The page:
Your spine includes your cervical vertebrae, located immediately beneath the skull, and though the smallest of the vertebrae can be readily distinguished from the lumbar or thoracic regions by the presence of a hole in each transverse process where the vertebral artery passes through. Your spinal cord is protected by a spinal column and is made up of 24 vertebrae plus the tailbone and the sacrum. Each vertebra is separated by shock absorbing disc that give your spine flexibility to bend and move.
Cervical spine surgery is performed to relieve pain, tingling, numbness and weakness in the spine. The goal of the procedure is to restore nerve function and prevent abnormal motion in the spine. This is done by removing a bone or disc and fusing the vertebrae together with a bone graft either behind or in front of the spine. The bone graft used must either be an allograft, which is a bone from a bone bank, or an autograph, which is a bone taken from your body. In some cases, metal plates, wires are screws are used to offer the spine further stabilization. After the vertebra is properly stabilized, abnormal motion is stopped and function is restored to the spinal nerves.
Cervical spine surgery generally may be performed in situations where there has been trauma or instability and if there are any degenerative disorders as these conditions may produce pressure on the nerves coming from the spine or the spinal cord.
Cervical deformity is a condition that can be treated with cervical spine surgery. Patients with deformities such as swan neck or hyperlordosis may benefit from spine surgery so they may experience a strengthening and stabilizing of the spine.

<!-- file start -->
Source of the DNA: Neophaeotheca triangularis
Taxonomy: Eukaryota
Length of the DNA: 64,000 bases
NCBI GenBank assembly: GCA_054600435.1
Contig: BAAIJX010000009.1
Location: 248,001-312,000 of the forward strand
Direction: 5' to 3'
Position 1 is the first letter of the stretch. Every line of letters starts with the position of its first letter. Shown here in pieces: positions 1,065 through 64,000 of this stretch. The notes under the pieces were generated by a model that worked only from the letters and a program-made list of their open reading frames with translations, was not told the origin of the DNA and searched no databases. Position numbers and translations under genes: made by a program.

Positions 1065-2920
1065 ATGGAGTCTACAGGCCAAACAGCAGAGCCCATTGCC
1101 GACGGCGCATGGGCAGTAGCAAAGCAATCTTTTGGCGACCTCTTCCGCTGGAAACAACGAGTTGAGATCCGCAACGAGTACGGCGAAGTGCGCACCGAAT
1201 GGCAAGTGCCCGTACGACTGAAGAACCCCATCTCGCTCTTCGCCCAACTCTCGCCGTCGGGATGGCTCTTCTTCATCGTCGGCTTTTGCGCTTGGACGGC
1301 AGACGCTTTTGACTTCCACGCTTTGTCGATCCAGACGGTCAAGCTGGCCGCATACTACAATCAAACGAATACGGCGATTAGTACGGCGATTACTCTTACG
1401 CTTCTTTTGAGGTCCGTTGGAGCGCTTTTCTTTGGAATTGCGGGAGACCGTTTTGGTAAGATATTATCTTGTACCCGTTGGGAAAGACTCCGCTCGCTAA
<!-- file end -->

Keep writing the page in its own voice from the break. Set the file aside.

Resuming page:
Another condition that can be treated with cervical spine surgery is degenerative disease. With degenerative disease the disc between the vertebrae shrink, causing wear on the disc which can sometimes lead to a hernia. Degeneration disease can cause pain, tingling, weakness and numbness from the pressure on the spinal nerves.
Injury is also a reason to consider cervical spine surgery. The neck is extremely vulnerable during injury. In a severe injury the spinal cord may also be damaged while less severe injuries include a fracture or dislocation of the cervical vertebrae. Patients with fractures generally undergo surgery to stabilize the spine and relieve pressure.
As with every surgery there are risks or complications. Possible complications as a result of cervical spine surgery include, but are not limited to, bone graft site pain, injury to your nerves, esophagus, spinal cord, vocal cords and carotid artery, also infection and non-healing of the bony fusion. There is also the rare instance of instrumentation failure or breakage. More rare complications include phlebitis in the legs, urinary problems, blood clots in the lungs and paralysis. Any of these complications may need to more surgery.
Keep in mind that cervical spine surgery is a last resort and should only be consider when all other alternatives have been exhausted. If you have any questions or would like any more information regarding alternatives and cervical spine surgery please feel free to visit losethebackpain.com.
Written By: Updated: June 27,2011